As soon as I got my baking book, I knew I would have to make these. However, the long list of ingredients put me off for a while. This weekend, the siren song of Tate and Lyle’s Golden Syrup was too strong, and I stickily succumbed.
This recipe is taken from the Australian Women’s Weekly Complete Book of Cupcakes and Baking.
250g butter, softened
1 1/2 cups firmly packed dark sugar
1/4 cup golden syrup
2 cups plain flour
1 1/2 tsp bicarbonate of soda
2 tbsp ground ginger
1 tbsp ground cinnamon
1 cup grated apple (1 medium apple)
2/3 cup hot water
For the icing
2 cups icing sugar
2 tsp butter, softened
1/3 cup lemon juice
Method (makes 12):
1. Preheat oven to 180 oC. Grease two large 6-hole muffin pans.
2. Beat butter and sugar in small bowl with electric mixer until light and fluffy. Add eggs, one at a time, beat until well combined between additions. Stir in syrup.
3. Transfer mixture to medium bowl. Stir in sifted dry ingredients, then apple and water.
4. Divide mixture among pans.
5. Bake about 25 minutes. Stand cakes in pan 5 minutes, then turn out onto wire rack to cool.
6. Meanwhile, make icing by sifting icing sugar into medium heatproof bowl; stir in butter and juice to form a paste. Place bowl over small saucepan of simmering water; stir until icing is a pouring consistency.
I declared the recipe halved, and lo, it was.
Wadda ladda baddah.
I finally got my hands on some genuine-goodtime-family-fun brown sugar (so long demerara!). I was surprised at how damp it seemed – like wet sand.
Creaming the butter and sugar. It smells so. good.
But looks like a sinus infection.
Srp. Whenever I see a lion, I think of this one:
He’s the Maiwand Lion, and is actually a war memorial in Reading. I’ve never been to Reading, and the only reason I know about the lion is because it’s an example of doing it wrong.
Look at the lion’s gait. Now imagine a lion actually walking like that. He’d look ridiculous. The sculptor, George Blackwell Simonds, was rumoured to have committed suicide when some wag was kind enough to point it out.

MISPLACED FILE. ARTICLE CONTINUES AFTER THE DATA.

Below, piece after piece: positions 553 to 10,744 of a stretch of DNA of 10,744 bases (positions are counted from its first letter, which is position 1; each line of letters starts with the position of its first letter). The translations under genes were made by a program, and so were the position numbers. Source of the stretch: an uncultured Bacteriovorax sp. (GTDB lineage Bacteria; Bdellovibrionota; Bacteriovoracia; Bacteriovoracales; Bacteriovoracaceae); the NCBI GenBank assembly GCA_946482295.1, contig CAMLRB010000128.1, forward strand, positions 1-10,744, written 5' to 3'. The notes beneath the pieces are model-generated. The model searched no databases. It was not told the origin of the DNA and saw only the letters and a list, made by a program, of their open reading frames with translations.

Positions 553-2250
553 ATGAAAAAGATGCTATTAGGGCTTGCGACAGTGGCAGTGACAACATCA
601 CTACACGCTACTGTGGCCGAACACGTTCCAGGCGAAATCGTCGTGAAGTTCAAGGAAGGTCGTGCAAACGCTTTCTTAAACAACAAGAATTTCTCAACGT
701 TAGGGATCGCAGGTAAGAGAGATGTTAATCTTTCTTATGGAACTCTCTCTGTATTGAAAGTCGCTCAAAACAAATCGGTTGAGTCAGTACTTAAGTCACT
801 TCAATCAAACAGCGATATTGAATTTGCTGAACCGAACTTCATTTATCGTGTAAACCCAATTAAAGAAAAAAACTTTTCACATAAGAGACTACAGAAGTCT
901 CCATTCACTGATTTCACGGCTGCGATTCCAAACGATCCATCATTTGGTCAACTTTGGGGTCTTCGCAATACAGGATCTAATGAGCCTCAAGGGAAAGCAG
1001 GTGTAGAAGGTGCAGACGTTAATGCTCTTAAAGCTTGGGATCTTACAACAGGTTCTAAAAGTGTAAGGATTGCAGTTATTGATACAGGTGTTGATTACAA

EDIT: The infinite wisdom of Wikipedia tells me I’m wrong!
Rumours persist that Simonds committed suicide on learning that the lion’s gait was incorrectly that of a domestic cat. In fact, he made careful observations on lions and the stance was anatomically correct despite various African ex-pats disagreeing. He also lived for another 43 years, enjoying continuing success as a sculptor going on to create a statue of Queen Victoria (1887) and a statue of George Palmer (1891).
So there we go. I should probably stop telling that story.
It’s a little bit like a tin of wood varnish.
In fact, sorry to go on about this Golden Syrup, but it’s all rather interesting. Those eagle-eyed among you will notice that the logo on the tin looks a lot like a dead lion, surrounded by flies. Delicious. It is a dead lion, but it’s actually surrounded by a swarm of bees. And it’s from The Bible! (via Wikipedia):
In the Book of Judges, Chapter 14, Samson was travelling to the land of the Philistines in search of a wife. During the journey he killed a lion, and on his return past the same spot he noticed that a swarm of bees had formed a comb of honey in the carcass. Samson later turned this into a riddle at a wedding: “Out of the eater came forth meat and out of the strong came forth sweetness.” The last seven words still appear on tins of Golden Syrup. Abraham Lyle was a deeply religious man and may have intended to refer to the strength of the company or to the strength of the tin.
If this isn’t what Conrad meant by The Heart of Darkness, then I radically misunderstood the book.
Sieving the dry ingredients (including yummy ginger) into the wet mixture.
Grating an apple is not like grating a carrot. For one, it’s a lot jucier. For two, it goes everywhere – including your eyes. Perhaps that’s where the expression “apple of my eye” comes from?
One of your five-a-day. Probably.
I kept filling cases 2/3 full until I ran out of mixture. I had enough for 9 in total.
I was a bit slapdash putting the mixture into the cases – hence the splashes (slap+dash).
It smells incredible when it comes out of the oven.
Something went a bit wrong with the glace icing. I don’t think I used enough icing sugar – a whole cup seemed excessive. Also, I didn’t heat it very much, so it’s very runny. Due to the domed shape of the cake, it runs off a little. Still tastes good though.
Paper case removed – it looks a whole lot better.
Spicy and sweet. The tangy lemon icing is a nice contrast to the richer ginger flavour. The cake is spongy and light, but has a nice deep scent, and the apple adds texture.
It involves a lot of ingredients. Though that’s not totally a bad thing – I now have the equipment to make it again.
The flavours all work very well together. Plus, Golden Syrup. Huzzah!